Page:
It was not disrespectable at all; on the contrary, just as in the contemporary world we declare beautiful women as "the woman of the year", they were very much respected. They were not ordinary prostitutes. Their function was that of a prostitute, but they were only visited by the very rich, or the kings, or the princes, generals -- the highest strata of society.

Amrapali was very beautiful. One day she was standing on her terrace and she saw a young Buddhist monk. She had never fallen in love with anybody, although every day she had to pretend to be a great lover to this king, to that king, to this rich man, to that general. But she fell suddenly in love with the man, a Buddhist monk who had nothing, just a begging bowl --a young man, but of a tremendous presence, awareness, grace. The way he was walking ...

She rushed down, she asked the monk, "Please -- today accept my food."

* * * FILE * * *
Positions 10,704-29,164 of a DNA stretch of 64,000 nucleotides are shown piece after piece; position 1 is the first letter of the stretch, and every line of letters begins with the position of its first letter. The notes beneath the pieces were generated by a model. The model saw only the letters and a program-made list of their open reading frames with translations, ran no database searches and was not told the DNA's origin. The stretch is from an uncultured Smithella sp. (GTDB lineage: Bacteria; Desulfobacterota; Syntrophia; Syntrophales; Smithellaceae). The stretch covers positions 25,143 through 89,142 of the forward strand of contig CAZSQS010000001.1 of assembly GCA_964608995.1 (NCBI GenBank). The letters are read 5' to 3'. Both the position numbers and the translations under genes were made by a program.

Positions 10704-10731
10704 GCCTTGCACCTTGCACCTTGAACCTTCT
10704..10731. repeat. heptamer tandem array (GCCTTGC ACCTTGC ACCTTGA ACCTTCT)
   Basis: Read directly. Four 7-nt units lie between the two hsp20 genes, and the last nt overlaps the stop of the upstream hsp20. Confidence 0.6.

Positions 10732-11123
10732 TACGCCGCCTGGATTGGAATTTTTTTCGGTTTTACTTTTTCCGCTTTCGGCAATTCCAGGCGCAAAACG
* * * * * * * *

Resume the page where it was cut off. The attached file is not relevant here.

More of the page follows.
Other monks were also coming behind him, because whenever Buddha was moving anywhere, ten thousand monks were always moving with him. The other monks could not believe this. They were jealous and angry and feeling all human qualities and frailties as they saw the young man enter the palace of Amrapali.

Amrapali told him, "After three days the rainy season is going to start ..." Buddhist monks don't move for four months when it is the rainy season. Those are the four months they stay in one place; for eight months they continuously move, they can't stay more than three days in one place.

It is a strange psychology, if you have watched yourself ... You can watch it: to be attached to some place it takes you at least four days. For example, for the first day in a new house you may not be able to sleep, the second day it will be little easier, the third day it will be even easier, and the fourth day you will be able to sleep perfectly at home. So before that, if you are a Buddhist monk, you have to leave.

Amrapali said, "After just three days the rainy season is to begin, and I invite you to stay in my house for the four months". The young monk said, "I will ask my master. If he allows me, I will come." As he went out there was a crowd of monks standing, asking him what had happened. He said, "I have taken my meal, and the woman has asked me to stay the four months of the rainy season in her palace. I told her that I will ask my master."